This week we’ll be looking at another member of the rather large Asteraceae (Daizy) family.
Helichrysum adenocarpum subsp. adenocarpum (Pink Strawflower in English, Pienksewejaartjie in Afrikaans and senkotoana in Sesotho) is a perennial herb, and occurs often in a reclining position, but may also be erect. The distributed is widespread from the Eastern Cape – Zim. This everlasting species is found in grassveld regions in close proximity to, or on moist slopes. It is a hardy species, as it tolerates both frost and drought and grows even at altitudes as high as 3000m A.S.L.
The specimen photographed was observed along the margins of the Porcupine trail, and was made even more eye-catching by the general dearth of other flowering plants in the vicinity in comparison to the almost iridescent pink-white sepals of this wildflower.
The flowers of H. adenocarpum subsp. adenocarpum occur as solitary flowerheads, appearing as glossy pink orbs atop grey-green and wooly flowering stalks of between 40-450mm in length. The leaves of this species are rounded and semi-cylindrical, measuring 30X20mm. The flowerheads (25-35mm when open) appear almost glossy pink-white under bright sunlight. Additional flowering stems may arise from the side of existing flowerheads. Flowering usually takes place over a good 9 months of the year from January right through to September. Uses:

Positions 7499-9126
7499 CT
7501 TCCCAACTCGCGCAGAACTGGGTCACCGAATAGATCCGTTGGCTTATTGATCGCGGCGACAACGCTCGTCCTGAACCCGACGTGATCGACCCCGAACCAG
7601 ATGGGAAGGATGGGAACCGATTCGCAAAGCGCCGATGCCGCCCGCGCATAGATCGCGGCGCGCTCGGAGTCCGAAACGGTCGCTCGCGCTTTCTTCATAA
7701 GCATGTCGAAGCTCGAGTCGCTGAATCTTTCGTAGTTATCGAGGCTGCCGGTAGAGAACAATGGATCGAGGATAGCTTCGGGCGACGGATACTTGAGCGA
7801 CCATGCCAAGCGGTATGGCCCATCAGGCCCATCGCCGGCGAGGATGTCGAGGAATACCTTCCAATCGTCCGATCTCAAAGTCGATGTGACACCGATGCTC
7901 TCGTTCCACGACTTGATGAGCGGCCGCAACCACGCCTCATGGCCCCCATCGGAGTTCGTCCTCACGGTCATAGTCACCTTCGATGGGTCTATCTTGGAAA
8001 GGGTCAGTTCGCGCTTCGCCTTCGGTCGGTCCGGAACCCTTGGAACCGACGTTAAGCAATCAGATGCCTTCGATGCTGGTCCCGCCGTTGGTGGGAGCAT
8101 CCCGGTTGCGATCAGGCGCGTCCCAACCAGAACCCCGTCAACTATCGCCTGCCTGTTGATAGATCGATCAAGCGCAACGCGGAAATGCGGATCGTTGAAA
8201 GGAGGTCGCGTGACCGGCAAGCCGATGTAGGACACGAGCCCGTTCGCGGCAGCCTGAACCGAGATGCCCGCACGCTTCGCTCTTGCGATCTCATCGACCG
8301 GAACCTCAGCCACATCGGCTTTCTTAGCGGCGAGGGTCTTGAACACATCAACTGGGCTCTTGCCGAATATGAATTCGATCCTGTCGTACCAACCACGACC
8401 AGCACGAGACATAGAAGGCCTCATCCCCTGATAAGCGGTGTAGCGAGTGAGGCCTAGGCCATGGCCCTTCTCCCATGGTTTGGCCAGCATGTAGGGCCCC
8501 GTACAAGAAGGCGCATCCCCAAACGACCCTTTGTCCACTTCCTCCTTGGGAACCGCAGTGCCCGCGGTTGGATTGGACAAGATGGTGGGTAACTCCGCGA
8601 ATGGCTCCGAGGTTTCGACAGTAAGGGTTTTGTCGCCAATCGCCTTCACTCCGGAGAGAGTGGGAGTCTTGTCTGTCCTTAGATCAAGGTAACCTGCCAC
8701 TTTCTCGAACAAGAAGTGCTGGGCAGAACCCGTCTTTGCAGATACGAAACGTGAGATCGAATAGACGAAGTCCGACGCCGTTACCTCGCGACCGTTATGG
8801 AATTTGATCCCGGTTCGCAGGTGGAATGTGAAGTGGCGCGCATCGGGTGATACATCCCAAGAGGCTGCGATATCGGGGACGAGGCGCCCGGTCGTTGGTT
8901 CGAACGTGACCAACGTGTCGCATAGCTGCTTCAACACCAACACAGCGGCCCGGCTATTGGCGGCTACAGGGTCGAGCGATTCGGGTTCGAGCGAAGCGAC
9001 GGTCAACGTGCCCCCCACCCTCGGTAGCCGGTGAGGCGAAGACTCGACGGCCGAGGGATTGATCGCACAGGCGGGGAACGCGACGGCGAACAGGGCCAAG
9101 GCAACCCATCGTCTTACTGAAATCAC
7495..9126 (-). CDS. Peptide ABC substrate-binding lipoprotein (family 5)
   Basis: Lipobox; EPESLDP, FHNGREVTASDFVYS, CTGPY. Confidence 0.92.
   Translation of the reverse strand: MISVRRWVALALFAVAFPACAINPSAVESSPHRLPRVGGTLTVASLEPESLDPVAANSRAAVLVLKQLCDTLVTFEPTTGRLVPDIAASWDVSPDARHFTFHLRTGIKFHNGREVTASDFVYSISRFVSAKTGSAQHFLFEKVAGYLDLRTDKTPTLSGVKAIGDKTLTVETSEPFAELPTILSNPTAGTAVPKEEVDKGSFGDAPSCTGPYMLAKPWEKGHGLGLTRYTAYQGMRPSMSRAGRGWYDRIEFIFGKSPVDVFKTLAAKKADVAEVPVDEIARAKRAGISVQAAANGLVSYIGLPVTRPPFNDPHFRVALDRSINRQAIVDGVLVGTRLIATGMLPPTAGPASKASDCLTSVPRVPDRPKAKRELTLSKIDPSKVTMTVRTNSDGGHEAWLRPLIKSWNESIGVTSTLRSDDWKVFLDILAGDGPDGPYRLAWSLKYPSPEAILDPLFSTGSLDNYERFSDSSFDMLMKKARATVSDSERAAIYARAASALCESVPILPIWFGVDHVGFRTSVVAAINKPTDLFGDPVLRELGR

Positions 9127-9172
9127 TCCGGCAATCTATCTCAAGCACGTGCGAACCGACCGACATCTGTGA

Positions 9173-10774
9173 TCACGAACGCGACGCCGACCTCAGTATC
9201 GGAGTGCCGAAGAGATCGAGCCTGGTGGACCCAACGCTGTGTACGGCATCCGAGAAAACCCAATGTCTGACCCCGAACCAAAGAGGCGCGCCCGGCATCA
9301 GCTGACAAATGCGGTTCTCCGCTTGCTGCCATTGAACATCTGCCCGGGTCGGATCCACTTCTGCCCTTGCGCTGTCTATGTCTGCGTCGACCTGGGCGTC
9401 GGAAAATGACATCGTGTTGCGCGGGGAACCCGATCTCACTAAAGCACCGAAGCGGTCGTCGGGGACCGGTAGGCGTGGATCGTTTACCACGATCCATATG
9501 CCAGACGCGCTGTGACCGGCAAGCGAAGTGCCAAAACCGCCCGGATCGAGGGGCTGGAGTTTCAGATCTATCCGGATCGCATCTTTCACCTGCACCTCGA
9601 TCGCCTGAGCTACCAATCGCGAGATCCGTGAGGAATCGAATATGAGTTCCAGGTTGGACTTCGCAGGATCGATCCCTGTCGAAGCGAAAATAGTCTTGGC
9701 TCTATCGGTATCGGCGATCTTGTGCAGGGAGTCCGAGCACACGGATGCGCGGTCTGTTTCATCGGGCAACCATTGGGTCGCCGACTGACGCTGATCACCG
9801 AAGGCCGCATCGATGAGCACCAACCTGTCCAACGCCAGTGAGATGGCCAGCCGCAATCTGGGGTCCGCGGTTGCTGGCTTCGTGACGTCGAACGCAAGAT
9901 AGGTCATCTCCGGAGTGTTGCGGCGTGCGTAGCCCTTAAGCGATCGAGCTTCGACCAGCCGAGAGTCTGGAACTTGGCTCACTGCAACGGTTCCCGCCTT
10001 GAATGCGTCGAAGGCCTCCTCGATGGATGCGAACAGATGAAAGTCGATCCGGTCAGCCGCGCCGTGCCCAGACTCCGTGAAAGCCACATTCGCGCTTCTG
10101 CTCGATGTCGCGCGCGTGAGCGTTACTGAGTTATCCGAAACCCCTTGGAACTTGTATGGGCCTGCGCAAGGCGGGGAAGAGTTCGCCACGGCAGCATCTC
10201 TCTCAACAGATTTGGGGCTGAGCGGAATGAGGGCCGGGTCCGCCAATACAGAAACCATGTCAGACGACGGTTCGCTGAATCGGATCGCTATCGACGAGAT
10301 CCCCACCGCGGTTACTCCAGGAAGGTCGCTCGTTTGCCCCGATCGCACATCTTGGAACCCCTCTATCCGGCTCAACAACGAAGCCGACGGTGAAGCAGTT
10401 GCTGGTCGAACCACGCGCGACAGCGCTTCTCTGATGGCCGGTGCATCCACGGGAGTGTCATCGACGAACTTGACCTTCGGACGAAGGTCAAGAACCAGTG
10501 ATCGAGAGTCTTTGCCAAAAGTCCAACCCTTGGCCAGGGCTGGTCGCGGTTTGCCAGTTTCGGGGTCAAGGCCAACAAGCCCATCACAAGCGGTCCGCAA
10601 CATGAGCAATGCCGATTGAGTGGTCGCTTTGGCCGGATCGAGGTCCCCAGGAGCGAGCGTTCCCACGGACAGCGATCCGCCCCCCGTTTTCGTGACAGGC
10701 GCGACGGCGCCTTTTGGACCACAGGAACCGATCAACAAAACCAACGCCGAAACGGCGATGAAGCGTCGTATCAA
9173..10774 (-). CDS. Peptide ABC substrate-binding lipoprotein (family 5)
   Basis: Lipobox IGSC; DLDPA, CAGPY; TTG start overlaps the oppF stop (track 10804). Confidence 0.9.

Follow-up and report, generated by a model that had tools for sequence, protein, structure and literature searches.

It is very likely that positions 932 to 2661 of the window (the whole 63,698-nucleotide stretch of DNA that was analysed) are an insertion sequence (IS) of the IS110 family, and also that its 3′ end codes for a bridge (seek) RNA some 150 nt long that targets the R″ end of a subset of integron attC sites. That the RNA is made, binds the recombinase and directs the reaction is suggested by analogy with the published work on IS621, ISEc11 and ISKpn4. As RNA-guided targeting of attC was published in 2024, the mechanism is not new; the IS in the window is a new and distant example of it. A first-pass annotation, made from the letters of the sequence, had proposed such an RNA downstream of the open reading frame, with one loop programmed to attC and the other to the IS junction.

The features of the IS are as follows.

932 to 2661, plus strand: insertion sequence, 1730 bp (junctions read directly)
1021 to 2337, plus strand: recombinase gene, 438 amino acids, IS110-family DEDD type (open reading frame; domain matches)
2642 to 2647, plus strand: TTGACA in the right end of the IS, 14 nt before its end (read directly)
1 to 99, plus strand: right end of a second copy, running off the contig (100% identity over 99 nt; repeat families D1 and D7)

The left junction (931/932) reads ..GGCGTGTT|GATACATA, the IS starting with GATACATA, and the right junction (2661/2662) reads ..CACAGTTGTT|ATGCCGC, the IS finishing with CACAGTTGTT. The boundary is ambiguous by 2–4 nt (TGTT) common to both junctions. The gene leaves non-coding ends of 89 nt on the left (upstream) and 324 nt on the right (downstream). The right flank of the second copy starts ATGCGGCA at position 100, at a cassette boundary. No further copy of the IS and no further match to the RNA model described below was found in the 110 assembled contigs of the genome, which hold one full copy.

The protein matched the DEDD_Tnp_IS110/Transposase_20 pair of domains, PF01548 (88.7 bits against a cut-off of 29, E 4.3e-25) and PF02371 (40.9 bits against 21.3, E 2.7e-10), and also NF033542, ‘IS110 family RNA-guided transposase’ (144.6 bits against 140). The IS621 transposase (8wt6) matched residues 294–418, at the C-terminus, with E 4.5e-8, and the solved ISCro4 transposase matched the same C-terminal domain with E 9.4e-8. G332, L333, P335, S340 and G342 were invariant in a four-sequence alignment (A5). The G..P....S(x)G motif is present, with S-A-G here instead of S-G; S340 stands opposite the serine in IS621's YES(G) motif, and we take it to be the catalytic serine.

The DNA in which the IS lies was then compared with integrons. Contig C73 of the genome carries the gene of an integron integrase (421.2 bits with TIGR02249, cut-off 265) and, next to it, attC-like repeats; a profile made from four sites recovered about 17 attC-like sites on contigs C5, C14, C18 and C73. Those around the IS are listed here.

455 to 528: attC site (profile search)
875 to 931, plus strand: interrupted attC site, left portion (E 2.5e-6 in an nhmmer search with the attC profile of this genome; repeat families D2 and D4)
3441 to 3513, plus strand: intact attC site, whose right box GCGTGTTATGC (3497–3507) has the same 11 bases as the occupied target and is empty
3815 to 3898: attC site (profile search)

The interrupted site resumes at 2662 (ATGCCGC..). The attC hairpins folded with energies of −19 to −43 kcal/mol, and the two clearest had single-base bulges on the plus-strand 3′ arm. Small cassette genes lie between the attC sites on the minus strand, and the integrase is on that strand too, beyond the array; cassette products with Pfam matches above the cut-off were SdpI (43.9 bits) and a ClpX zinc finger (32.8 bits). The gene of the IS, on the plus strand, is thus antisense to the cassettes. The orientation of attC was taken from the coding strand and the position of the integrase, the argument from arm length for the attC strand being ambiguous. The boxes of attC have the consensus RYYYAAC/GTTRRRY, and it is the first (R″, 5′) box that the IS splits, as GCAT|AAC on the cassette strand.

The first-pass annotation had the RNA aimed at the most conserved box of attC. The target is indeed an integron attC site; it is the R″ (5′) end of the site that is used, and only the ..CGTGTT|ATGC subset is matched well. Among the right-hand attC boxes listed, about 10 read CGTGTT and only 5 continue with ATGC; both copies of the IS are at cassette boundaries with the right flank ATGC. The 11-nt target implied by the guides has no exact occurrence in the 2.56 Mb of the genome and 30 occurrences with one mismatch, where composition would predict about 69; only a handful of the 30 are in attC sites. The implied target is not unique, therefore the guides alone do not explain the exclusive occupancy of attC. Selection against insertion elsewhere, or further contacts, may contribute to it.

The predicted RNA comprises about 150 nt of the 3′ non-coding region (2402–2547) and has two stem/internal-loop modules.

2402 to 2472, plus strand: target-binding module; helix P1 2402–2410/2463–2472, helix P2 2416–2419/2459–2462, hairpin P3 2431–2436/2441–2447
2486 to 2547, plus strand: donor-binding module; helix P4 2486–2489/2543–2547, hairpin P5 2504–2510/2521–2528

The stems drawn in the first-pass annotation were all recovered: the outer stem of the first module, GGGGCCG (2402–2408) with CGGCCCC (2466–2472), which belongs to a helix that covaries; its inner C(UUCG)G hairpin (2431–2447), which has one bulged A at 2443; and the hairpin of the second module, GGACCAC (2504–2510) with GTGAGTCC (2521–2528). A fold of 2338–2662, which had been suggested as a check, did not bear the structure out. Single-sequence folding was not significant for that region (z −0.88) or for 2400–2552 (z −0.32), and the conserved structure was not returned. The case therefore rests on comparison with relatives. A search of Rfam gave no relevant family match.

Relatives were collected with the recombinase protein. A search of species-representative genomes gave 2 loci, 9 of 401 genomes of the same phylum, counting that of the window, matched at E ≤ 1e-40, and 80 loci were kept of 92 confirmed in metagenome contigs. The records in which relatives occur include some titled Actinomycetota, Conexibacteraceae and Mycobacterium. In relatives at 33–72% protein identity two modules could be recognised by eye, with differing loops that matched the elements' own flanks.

This attractive everlasting has reportedly been used in traditional medicines to treat diarrhoea as well as vomiting, and is more commonly used on children.
This species makes for a great garden plant, on account of it being both hardy to the elements as well as being visually pleasing.
Helichrysum adenocarpum subsp. adenocarpum is listed as of Least Concern by SANBI.
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Head ranger: Clarens Village Nature Reserve